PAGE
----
Eye For Film >> Movies >> City Of Ember (2008) Film Review
City Of Ember
Reviewed by: Tony Sullivan
In a disintegrating city, deep underground, the survivors of the human race cling to a seedy existence, with their food and power supply dwindling daily. Their salvation lies in a set of instructions locked away in a time capsule and passed from mayor to mayor over a 200-year period. The snag is, the chain was broken, and the time capsule has become forgotten and lost. Enter two teenagers, Doon Harrow (Harry Treadaway) and Lina Mayfleet (Ronan Saoirse) who have reached the appropriate age to take their places as contributing members of society.
In a winning conceit, employment in Ember is allocated by lottery. Lina gets to be a Pipeworker and Doon a messenger (a kind of human email) – they promptly switch. Doon dreams of fixing the generator that powers the city but is on its last legs. Lina, it transpires is related to the mayoral line and lurking forgotten in her Grandma's (Liz Smith) closet lurks the all important time capsule.
Can our heroes figure out the box and its contents before a premature and permanent fade to black?
City Of Ember joins the ranks of the spate of kid-friendly book adaptations that have arrived on our screens in the wake of Harry Potter and they all share similar DNA. Firstly, they must centre on teens who are good kids, I emphasise that they must be Good Kids struggling with weighty issues. No, not acne, not the inability to tear yourself away from the Wii, not parents who won't let you stay out with your friends… in fact a universal trait is that these kids have lost their parents, who gave their lives to some noble, albeit lost, cause.
The adults are merely there to further the plot. Bill Murray's lackadaisical mayor, who may be more devious than his demeanor lets on, and his toadies, Snode (Toby Jones) and Looper (Mackenzie Crook). Doon's father (Tim Robbins) breaks the mould by not actually having perished and is consumed with making useless gadgets. Finally Sul (Martin Landau), Doon's narcoleptic supervisor at the power plant, works wonders with duct tape. Aside from the unhelpful adults, Ember also boasts a more tangible threat in the form of voracious PG-rated predators for that little extra something.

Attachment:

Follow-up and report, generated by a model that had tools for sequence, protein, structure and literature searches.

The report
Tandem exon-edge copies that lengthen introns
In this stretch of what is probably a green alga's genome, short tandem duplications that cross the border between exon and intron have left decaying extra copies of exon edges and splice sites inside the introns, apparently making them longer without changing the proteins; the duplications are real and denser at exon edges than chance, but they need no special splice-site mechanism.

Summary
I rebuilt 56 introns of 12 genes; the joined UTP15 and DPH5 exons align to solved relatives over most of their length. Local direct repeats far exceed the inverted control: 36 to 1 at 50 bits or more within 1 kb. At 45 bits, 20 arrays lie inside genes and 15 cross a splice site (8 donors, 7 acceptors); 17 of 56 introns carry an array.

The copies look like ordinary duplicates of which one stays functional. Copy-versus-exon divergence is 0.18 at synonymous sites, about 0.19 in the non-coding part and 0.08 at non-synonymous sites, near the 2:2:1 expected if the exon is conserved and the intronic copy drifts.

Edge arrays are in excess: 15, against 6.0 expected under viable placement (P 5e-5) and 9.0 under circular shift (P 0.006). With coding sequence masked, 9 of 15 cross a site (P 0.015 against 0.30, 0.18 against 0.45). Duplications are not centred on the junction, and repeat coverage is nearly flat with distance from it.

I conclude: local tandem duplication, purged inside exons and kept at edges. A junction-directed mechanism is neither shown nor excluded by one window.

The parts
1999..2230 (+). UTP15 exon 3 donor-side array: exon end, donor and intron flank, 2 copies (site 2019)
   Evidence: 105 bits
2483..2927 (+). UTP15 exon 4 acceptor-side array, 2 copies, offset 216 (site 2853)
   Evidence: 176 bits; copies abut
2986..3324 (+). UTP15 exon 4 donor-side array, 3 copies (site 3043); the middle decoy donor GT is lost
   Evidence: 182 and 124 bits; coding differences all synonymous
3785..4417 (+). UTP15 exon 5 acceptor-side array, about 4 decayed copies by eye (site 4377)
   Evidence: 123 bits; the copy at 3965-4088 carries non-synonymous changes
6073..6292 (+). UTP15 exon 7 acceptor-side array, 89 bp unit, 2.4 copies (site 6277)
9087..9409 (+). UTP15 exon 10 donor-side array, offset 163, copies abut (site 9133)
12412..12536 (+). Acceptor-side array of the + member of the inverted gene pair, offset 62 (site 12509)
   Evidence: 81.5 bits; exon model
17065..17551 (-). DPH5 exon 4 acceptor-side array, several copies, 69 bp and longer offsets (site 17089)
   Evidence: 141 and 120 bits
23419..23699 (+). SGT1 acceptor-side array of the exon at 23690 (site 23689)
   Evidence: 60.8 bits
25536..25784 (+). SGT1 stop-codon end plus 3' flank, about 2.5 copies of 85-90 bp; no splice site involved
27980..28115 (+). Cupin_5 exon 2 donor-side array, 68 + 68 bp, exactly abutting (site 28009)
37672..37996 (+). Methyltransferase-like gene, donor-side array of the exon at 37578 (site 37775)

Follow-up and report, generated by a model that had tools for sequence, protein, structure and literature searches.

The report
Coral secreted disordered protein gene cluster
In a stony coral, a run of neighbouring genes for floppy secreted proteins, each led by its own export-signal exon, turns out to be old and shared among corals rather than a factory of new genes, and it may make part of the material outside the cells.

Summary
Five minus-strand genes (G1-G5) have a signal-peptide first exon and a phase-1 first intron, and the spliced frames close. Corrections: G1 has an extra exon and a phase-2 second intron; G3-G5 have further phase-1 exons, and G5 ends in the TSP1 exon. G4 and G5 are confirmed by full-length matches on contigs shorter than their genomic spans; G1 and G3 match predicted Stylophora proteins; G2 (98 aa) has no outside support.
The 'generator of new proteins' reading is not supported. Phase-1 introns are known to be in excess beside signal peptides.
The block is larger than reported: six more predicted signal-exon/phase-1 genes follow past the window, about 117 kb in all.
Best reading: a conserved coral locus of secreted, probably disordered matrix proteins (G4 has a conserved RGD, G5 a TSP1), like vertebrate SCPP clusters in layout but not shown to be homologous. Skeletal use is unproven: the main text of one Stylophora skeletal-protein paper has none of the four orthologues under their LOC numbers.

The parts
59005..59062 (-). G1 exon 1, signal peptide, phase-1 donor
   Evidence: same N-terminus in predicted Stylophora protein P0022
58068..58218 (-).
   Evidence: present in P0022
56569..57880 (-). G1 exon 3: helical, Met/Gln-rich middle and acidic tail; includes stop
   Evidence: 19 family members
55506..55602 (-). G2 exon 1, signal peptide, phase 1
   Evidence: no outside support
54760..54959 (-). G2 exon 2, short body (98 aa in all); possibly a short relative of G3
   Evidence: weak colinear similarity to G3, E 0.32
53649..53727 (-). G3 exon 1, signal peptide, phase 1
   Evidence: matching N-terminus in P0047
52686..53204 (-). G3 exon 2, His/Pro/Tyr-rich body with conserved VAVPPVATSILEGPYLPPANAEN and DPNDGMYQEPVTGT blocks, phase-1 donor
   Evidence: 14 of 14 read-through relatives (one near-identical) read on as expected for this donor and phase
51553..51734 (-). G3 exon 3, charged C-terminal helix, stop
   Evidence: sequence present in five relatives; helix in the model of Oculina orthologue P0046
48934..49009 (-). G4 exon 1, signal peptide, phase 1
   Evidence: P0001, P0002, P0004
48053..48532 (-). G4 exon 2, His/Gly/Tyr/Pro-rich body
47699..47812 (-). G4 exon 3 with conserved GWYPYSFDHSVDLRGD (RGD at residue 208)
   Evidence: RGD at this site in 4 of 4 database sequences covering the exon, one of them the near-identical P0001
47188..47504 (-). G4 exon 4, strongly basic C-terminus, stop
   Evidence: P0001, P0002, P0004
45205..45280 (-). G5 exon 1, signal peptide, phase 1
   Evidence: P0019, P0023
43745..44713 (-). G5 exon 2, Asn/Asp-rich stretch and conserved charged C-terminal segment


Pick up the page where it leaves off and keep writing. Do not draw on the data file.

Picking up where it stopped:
The City Of Ember is everything you might wish - one-part Dickensian London, one-part Terry Gilliam's Brazil and one part CS Lewis' The Silver Chair. The joy of the film is in the production design and the kind of loopy that folk go when corked up underground for a few generations.
The quest element of the movie doesn't really work, as the precious box contains instructions, not clues, the instructions have just been obscured, so there's no audience involvement in the puzzle-solving which I fancy they should have in this sort of feature.
The cast are fairly winning, with a nod to Toby Jones and a big round of applause to for Liz Smith for sterling character work down through the years and here sporting a mid-Atlantic accent rather than her normal Scunthorpe tones. In case you were wondering where the film is supposed to be set, note the three-pin plugs everywhere!
Good as Caroline Thompson's script is (the book by Jeanne Duprau, they tell me, is better) this is a City Of Ember that could do with a little stoking. It took me a while to realise I was watching a softer, kinder version of George Lucas' THX 1138, with the merest whiff of satire, but the whole is a pleasant enough time filler while we await the next Harry Potter adventure to reach the light of day.Reviewed on: 19 Oct 2008